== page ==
Optimistic outlook for Democratic Republic of Congo’s banking sector

by Developed Africa 24. September 2014 09:00

Despite less than 5% of the Democratic Republic of Congo’s adults estimated to have their own bank accounts (one of the lowest rates of banking penetration worldwide), projections released in September by the ratings agency, Moody’s, have suggested that the DRC’s banking sector can expect to grow over the next two years.

This will be fuelled by accelerating economic growth, an expanding mining sector (the DRC is the world’s sixth-largest producer of copper and the biggest of cobalt) and increased agricultural productivity, infrastructure reconstruction and domestic consumption.

The report predicts that the country’s GDP will grow at around 10% in 2014 and 2015, after growth increased from 7.2% in 2012 to 8.1% in 2013

The projected growth has been put down to the success of a peace accord reached in 2002, since when the DRC’s banking sector has grown steadily, with assets having being seen to increase dramatically from $300 million in 2002 to $4.2 billion in 2013.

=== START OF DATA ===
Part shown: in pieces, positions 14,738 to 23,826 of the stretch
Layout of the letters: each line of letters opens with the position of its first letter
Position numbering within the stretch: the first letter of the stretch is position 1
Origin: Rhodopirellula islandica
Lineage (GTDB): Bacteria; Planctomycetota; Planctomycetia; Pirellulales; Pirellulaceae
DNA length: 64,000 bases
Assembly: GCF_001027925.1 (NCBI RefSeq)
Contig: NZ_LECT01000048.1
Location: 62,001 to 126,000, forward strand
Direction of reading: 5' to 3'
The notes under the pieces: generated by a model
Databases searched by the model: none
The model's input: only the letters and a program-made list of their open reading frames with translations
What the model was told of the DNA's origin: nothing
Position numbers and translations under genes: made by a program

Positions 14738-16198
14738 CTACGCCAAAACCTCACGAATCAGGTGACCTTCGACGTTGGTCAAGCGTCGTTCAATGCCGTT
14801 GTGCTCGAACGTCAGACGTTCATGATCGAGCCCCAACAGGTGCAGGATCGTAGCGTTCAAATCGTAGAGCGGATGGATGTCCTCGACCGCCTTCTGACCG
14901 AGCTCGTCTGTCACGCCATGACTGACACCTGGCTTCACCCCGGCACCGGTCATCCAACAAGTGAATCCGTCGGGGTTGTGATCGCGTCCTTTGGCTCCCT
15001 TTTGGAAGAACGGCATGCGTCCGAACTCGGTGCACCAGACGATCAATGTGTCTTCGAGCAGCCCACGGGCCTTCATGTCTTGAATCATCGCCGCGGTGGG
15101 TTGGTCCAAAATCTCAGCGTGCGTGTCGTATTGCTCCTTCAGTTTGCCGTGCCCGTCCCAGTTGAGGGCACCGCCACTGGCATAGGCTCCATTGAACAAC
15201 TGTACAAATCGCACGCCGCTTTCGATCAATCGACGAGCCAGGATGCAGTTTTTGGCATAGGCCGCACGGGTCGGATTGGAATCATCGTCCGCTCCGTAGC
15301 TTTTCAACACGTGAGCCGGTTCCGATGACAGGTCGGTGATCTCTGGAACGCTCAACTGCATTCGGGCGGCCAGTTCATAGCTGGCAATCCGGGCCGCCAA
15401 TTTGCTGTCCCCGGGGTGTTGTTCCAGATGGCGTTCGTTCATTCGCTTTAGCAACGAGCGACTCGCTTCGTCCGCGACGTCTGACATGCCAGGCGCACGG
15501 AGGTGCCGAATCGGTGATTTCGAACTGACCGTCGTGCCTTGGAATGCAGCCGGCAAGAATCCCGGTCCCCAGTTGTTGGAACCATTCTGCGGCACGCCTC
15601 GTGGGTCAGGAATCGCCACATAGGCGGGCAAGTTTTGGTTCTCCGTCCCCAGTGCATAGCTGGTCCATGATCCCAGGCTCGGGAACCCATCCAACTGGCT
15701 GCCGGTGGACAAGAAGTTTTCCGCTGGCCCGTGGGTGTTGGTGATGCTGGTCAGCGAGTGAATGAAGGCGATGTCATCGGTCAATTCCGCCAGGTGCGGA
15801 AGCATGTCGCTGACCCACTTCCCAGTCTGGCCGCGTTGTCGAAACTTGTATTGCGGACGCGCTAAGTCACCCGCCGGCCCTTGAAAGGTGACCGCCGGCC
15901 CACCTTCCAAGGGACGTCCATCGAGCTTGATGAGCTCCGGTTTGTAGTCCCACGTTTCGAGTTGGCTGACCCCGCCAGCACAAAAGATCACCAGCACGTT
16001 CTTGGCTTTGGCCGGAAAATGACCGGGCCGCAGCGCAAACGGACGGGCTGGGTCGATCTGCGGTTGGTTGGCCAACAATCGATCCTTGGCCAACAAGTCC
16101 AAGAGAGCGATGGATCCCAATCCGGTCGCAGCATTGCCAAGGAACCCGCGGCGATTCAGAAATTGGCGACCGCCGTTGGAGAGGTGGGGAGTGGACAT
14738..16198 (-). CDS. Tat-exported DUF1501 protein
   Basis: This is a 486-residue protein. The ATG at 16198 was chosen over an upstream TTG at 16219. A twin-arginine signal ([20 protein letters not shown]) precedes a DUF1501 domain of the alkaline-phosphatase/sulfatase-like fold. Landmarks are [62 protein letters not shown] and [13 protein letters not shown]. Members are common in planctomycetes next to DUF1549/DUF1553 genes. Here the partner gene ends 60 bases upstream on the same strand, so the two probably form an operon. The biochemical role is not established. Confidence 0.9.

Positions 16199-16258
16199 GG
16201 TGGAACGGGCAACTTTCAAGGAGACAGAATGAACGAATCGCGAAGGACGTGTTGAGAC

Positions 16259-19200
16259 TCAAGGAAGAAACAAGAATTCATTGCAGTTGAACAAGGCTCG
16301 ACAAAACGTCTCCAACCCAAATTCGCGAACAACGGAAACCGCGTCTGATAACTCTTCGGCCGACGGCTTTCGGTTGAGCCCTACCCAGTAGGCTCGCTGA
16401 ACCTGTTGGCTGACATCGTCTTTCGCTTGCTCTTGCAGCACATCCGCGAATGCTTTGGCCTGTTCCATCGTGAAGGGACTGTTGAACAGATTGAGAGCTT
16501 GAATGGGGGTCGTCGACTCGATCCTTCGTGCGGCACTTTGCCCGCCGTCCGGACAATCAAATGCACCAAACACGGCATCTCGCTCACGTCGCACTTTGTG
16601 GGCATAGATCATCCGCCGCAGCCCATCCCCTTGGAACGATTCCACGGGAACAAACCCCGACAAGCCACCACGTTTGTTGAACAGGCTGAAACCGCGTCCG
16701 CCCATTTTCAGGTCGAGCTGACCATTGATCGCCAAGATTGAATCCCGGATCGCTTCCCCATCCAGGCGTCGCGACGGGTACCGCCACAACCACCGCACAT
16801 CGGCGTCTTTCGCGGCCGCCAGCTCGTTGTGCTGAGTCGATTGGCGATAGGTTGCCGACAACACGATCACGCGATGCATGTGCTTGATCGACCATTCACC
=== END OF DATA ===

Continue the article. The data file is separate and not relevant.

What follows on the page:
Security risks have been considered as potential threats to this growth, with armed rebel groups still present in the mineral-rich east. Heavy fighting seen through the first ten months of 2013 has since been kept under control, however many areas formerly occupied by the rebel groups are yet to be secured and the infrastructure in these areas is yet to be repaired. A resurgence of conflict would impact on public finance sustainability and the business climate, however Moody’s report stated that:

While credit risks will remain elevated and profitability will be modest, we expect a benign operating environment over the next two years to support strong lending growth.”

This has led to Moody’s accrediting the DRC’s largest bank, Rawbank, with a B3 global local-currency deposit rating, declaring its outlook “stable” and making it the first bank in the DRC to receive a credit rating from Moody’s. All of this is likely to open doors to increased future foreign investment, and there are hopes that the strengthening economy will also contribute to human development.




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